In Fernandina Beach, the growing presence of coyotes, a formidable, wily and nocturnal predator that hunts in the dusky and dark hours, often targeting cats and small dogs, has pet owners on alert.
People living on and around South Seventh Street, near the downtown business district, said two friendly neighborhood felines were snatched by coyotes searching for dinner in June. This included Jake, an 18-year-old free-range wanderer, who had been fed by local homeowners for years, and Walker, the unlucky, and slower, half of twins given the names Herschel and Walker, after the University of Georgia football star beloved by local alumni. Resident Greg Roland said by phone last week that his wife witnessed Walker’s demise.
“She was very upset because of the attack and because that cat was so sweet and so cute,” he said. “She thought the coyote got Herschel, too, but he managed to get away.”
Jake, according to Roland, who is Nassau County’s deputy fire chief, was a feral cat that walked into yards and up to doors looking for food and water, knowing he would find daily sustenance from homeowners, who had been reliable sources over the years. “The kids on the block grew up with him and now he’s gone,” he said. “It’s very sad, but you couldn’t keep Jake inside.”
Theresa Hamilton, who owns and operates the Fairbanks House Bed & Breakfast at 227 S. Seventh St., said she is “very–very, very” concerned about coyotes in the neighborhood and has seen packs with as many as three animals, which are often mistaken for dogs, roaming local streets. Hamilton has made an effort to keep her cats inside overnight; one night last week, she put them in an unoccupied guest room. “Remember the night of that thunderstorm? I’m glad I had the space. But I waited for hours for one of my cats to return,” she said. “I was really worried because small animals can’t make it on their own. Yes, coyotes are a serious problem.”
According to the Florida Fish & Wildlife Conservation Commission (FWC), coyotes have been found in all of the state’s 67 counties, and populations, while difficult to define, are growing—here and around the nation—all states except Hawaii. Coyotes are in major metropolitan areas, including New York City, Los Angeles and Chicago, often making headlines when they’re spotted. The FWC said their presence shouldn’t be a surprise because coyotes easily adapt to urban environments. The best way for people to coexist with coyotes, according to the agency’s online tip-sheet, is to bring domestic animals indoors at night and secure trash.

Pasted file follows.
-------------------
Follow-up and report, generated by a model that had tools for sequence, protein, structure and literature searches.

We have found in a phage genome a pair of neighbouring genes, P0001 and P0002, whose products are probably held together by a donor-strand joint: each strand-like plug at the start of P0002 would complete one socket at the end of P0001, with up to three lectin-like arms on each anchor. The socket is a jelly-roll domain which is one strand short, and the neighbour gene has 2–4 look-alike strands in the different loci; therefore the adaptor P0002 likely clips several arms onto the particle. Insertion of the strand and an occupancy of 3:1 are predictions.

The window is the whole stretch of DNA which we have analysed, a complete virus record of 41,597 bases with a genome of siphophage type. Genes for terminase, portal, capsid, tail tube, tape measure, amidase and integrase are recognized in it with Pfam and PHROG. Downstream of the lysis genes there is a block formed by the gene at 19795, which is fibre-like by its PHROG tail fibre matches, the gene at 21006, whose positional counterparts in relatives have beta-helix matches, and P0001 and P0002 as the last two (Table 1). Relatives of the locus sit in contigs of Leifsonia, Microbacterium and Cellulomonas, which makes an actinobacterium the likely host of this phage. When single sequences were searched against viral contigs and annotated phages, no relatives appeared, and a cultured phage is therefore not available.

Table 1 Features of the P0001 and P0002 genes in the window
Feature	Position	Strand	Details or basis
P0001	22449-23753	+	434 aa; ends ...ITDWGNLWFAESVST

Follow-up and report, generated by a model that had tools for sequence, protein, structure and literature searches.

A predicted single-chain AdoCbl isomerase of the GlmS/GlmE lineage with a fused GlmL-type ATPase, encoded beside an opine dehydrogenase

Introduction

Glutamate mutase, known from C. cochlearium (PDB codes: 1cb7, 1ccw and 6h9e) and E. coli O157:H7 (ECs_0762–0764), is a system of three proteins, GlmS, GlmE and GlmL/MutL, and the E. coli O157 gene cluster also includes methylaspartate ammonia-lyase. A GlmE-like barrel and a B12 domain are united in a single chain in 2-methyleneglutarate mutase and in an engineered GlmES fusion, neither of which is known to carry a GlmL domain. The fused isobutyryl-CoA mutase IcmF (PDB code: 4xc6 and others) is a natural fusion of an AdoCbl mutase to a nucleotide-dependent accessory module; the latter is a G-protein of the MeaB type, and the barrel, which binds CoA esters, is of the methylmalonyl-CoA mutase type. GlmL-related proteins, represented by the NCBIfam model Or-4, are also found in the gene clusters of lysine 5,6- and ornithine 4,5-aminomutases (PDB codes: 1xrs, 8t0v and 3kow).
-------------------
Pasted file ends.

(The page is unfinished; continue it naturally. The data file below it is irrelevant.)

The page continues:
Coyotes rarely pose a threat to people, according to the FWC, but attacks do happen. If you see one, make noise–and lots of it. Yell, wave, throw small rocks and sticks–but don’t run, said the FWC, because coyotes may give chase. Feeling threatened? Call the FWC’s wildlife alert number: 888-404-3922. Nassau County’s animal control office doesn’t handle coyote complaints, said Director Tim Maguire.
Most coyotes avoid detection by being strictly nocturnal, building dens in the scrubby brush and old-growth trees that surround the edges of the stately and modest homes in Fernandina’s downtown neighborhood. There have been repeated sightings in the brush near the railroad tracks at the entry to Rayonier Advanced Materials, the pulp mill on Gum Street. “I’ve seen them multiple times over there,” said City Commissioner Chip Ross, who lives in the downtown historic district. “There are more coyotes here than people realize.”
Coyotes have also been seen traversing runways at the municipal airport. Late last year, the city hired a wild animal removal company to trap and shoot coyotes. Four of them were removed by this depredation” effort, according to Airport Manager Nathan Coyle.
The FWC said trapping coyotes is an “inefficient and ineffective” way to control populations and can actually increase the number of pups in a litter.
Biodiversity specialist Pat Foster-Turley, a local resident who is widely known for her newspaper column on the environment, agreed. “No matter how many traps they set, coyotes will keep coming back,” she said. But they’ll do so quietly, she said.
“Unless you’re in camouflage hiding in the bushes, you’re not going to see them,” she said. “They’re pretty wily animals and will come out when they’re ready to eat.”
Coyotes have no natural predator here, allowing them to proliferate virtually unchecked. An “apex”–or alpha–predator, such as a bobcat, which roamed Amelia Island until about eight to 10 years ago, would help control populations, she said, “But we don’t have any.”
A bobcat sighting was reported in the Heron Isles subdivision in Yulee this spring, but no one is anticipating a comeback of the sharp-toothed, sharp-clawed feline, said Foster-Turley. “Nobody knows for sure what happened to bobcats,” she said. “Disease has been suggested but what we know is that coyotes found an empty niche with room to expand.” According to the News4Jax website, a bobcat was seen in the backyard of a St. Johns County home on July 2.
Foster-Turley underscored FWC’s advice to pick up and securely contain trash and keep small pets inside overnight. She also said dog owners should avoid retractable leashes, because pets may get in trouble reaching into bushes where coyotes nestle.
“Coyotes are on our island and they’re everywhere, left and right,” she said. “Be careful.”